The significant clue to his view of the Gita is found in the form he has chosen to give his commentary: that of a dialogue between Teacher and Student. The Gita itself is in the form of a samvada between Krsna and Arjuna, and in choosing the same structure for his comments, Nitya very clearly indicates his intention. His commentary is not directed to philosophers and scholars, but to every individual human being regardless of culture, who ponders the nature of his own relation to the Divine.
Arjuna’s purely human predicament on the battlefield of the Kurus is often viewed by philosophers as a mere fictional setting within which the lofty wisdom of the Gita is expounded. But in choosing such a setting, Vyasa unequi-vocably establishes the practical intention of the Gita. It is the human predicament which evokes the Gita, and it is the predicament of daily life that the Gita resolves.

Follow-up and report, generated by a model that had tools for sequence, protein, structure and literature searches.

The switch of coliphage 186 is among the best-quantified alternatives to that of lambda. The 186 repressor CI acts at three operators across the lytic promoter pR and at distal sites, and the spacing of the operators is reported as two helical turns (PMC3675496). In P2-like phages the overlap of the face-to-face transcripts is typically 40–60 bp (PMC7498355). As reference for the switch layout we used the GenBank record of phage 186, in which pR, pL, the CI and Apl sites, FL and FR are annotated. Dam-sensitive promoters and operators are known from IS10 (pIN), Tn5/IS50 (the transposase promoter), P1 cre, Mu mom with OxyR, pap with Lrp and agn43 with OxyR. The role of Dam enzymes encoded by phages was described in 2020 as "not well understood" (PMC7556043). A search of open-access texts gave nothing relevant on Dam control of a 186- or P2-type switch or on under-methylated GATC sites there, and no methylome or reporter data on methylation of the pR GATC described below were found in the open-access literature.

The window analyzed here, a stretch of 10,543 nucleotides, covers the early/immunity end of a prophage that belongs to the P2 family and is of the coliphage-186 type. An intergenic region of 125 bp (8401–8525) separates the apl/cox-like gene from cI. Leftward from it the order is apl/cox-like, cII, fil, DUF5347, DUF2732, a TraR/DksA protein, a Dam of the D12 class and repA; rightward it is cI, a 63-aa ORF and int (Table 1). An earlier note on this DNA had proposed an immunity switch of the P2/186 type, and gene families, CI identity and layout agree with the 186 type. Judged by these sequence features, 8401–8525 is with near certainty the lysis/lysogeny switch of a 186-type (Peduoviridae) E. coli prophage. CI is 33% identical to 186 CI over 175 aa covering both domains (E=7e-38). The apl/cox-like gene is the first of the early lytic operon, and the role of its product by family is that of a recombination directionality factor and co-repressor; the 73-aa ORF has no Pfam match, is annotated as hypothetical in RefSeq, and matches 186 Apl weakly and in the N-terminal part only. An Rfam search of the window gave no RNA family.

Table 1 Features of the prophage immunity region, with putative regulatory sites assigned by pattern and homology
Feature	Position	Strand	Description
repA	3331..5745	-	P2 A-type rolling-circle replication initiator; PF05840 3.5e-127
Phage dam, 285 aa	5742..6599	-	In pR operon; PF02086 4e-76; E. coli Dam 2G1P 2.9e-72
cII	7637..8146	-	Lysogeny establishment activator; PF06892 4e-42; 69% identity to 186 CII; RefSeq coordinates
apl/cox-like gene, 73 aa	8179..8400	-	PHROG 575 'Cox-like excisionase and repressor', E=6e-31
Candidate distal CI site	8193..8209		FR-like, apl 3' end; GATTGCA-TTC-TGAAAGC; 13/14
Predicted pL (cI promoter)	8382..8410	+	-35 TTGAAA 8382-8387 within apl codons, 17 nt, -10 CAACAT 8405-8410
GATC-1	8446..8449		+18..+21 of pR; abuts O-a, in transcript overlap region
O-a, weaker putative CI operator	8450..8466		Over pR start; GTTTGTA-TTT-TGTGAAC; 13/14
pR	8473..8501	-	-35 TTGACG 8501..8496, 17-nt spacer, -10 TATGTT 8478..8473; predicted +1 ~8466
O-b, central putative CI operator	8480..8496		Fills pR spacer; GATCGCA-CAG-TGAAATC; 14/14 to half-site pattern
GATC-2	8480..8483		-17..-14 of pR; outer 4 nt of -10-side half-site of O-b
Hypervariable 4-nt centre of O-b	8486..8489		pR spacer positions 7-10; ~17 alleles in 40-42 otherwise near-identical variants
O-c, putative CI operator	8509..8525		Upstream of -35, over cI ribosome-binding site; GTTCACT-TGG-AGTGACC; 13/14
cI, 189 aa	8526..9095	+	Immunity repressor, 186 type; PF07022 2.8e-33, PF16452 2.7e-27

In his commentary, Nitya never loses sight of this orientation. The illuminative dialogue between Teacher and Student is the clear reflection of thousands of such dialogues between Nitya and his disciples all over the world. Whether in India, Southeast Asia, Australia, Europe or the Americas, his relationship with his students is always the same. He never preaches doctrine; he does not espouse particular philosophical views; he utterly eschews any appearance of authority. Always he is the dear and compassionate friend, the humorous and unfailing guide in time of troubles.
It is as such a friend and guide that he appears here. Not to philosophize, but to help; not to pontificate, but to clarify.
This is not to say that the reader will find this commentary either “popular” or easy. Nitya’s deep compassion is accompanied by a powerful and profound intellect. The reader will find his own intelligence and understanding challenged at every turn. But he will find his own efforts repaid a thousand fold. In this volume Guru Nitya has established a bridge between the Divine Wisdom of the Bhagavad Gita and you-whoever you are, wherever you may be, whatever your condition. Accept this gift with gratitude and delight as from a dear friend.